Co-published by our media partner, The Dallas Weekly
Ken Smith looked up to his Aunt Willie Burke Anderson his entire life.
Anderson was a French and English teacher at Lincoln High School and a world traveler who lived in many countries. It was unique for a Black woman in the ’60s to experience the world as she had, Smith says.
“She was just so dynamic,” Smith says. “We kids would just be so excited when Willie Burke came to the house. She was very down-to-earth, very practical.”
Smith’s aunt passed away in 2010. A few years later, Smith found pictures of her, and other members of his family, at his grandmother’s house. Although these pictures were not new to him, rediscovering them exhilarated him and reminded him how much he loves his family.
When Smith learned that buildingcommunityWORKSHOP, a community design firm, and the Dallas Public Library system were creating a South Dallas community history exhibit and asking residents to add their items to this archive, Smith knew just what to contribute.
“I can’t separate myself from my family, or my community,” Smith says. “History is just a way to bring all of this together, to see what we’ve learned, see what we’ve lost and see what we need to build.”
TheSouth Dallas Community History Exhibit launched this summer as an online exhibit after a year of work. It’s one of three community history exhibits that [bc]workshop and Dallas libraries received a grant from the National Endowment for Humanities to create. In summer 2019, community members, like Smith, were invited to visit to one of three different library branches — Martin Luther King Jr, Polk Wisdom or West Dallas — to document and scan their items.
Right now the exhibit is only online, but the original grant funded physical displays as well. Stephanie Bennett, who oversees the library’s Dallas history and archive staff, says the plan was to host a physical exhibit at the MLK library from April through June, but the COVID-19 pandemic changed their plans and made things more uncertain.
“We don’t necessarily know, given the social distancing guidelines, what we’re going to be able to do,” Bennett says, adding the hope is for people to view it in person, but the library “might have to push that back further than we anticipated.”
The online exhibition points out that the narrative of Dallas and its archive collections “sorely lack information about the complex history of South Dallas and how it has grown and changed alongside the history of white Dallas.” The exhibits curated by the library and [bc]workshop aim to bridge that gap and to ensure that the history of Black and Brown communities will be available to future generations.
“This is a new process for us to actually go out and collect information,” Bennett says. “Staff would actually sit with each person that brought in items, and help them record the history of each item.”
Bennett worked with Shannon Adams, the MLK library branch manager at the time, to bring the South Dallas exhibit to life. Neighborhoods in Dallas such as Lakewood have an abundance of archival items, Bennett says; however, community artifacts are scarcer in South Dallas.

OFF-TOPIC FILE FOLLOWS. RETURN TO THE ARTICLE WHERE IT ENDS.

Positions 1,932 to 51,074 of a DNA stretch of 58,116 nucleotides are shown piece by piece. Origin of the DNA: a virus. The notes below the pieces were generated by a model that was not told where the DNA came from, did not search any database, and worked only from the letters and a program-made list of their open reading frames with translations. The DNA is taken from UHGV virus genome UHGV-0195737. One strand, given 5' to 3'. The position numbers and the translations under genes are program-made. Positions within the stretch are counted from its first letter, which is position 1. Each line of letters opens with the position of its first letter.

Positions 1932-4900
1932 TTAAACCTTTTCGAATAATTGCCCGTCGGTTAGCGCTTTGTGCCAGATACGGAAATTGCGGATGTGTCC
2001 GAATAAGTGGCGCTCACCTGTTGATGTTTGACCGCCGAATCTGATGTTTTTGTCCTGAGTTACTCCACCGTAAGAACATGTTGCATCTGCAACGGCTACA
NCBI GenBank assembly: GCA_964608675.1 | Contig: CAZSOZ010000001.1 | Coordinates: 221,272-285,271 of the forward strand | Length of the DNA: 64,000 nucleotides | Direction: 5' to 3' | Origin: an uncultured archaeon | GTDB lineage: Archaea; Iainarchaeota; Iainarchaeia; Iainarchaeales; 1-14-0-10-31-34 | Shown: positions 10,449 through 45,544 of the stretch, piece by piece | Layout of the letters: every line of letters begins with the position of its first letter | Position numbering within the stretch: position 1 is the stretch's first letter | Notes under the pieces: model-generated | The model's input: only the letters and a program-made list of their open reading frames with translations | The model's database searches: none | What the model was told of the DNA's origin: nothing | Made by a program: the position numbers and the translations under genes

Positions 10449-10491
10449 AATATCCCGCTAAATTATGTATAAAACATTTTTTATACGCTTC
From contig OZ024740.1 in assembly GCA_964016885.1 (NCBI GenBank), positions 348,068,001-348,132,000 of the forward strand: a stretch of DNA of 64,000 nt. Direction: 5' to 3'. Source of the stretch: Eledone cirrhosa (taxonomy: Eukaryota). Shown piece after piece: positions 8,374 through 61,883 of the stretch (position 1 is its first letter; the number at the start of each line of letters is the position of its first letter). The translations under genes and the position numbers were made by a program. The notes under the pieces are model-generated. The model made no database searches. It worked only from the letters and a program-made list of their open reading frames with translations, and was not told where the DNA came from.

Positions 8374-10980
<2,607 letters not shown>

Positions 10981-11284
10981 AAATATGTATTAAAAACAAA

Adams believes this could be because South Dallas residents may be skeptical about how their family’s mementoes will be used.
“I can’t say that that’s the main reason that people didn’t show up, but I know that some people didn’t show up because they felt like, ‘I’m giving all this history, but in the end, is anything going to change?’ ” Adams says. “Then at the same time, you’re dealing with other issues of life. You’re not really thinking about bringing historical things to the library.”
Today, the Black Lives Matter movement is on the rise, and protests have erupted across the nation following the death of George Floyd while in police custody. Adams believes there’s a connection between this movement and community histories — educating Dallas residents about one of its historically Black neighborhoods and opening their eyes to our city’s systemic racism.
“The whole education aspect of it is important for people to take the opportunity, if you didn’t know before, to learn now,” Adams says. “A lot of people of color are upset because of the disparities and in the different injustices and inequalities that people of color have experienced, especially Black people.”
Smith says that many don’t know about South Dallas’ history, including those who live in the neighborhood.
“People in the community now are relatively new, and they have no idea of the history — the rich history that South Dallas has,” Smith says. “So, anytime there’s an effort to preserve rich history in South Dallas is beneficial for me and for the people here and for people who never lived here.”
Smith contributed five photos of his older brother, his uncle and his aunt to the exhibit. Other exhibit items include newspaper clippings of the Metroplex News, a local South Dallas newspaper that published the late 1970s, and a map of South Dallas neighborhoods.
It was Smith’s love for his neighborhood that drew him to add his own family items to the community history exhibit.
“I tell everybody, if I had the choice of doing life all over again I would choose the exact same thing,” Smith says. “The exact same family, the exact same neighborhood, the exact same community, the exact same schools. I wouldn’t change a single thing.”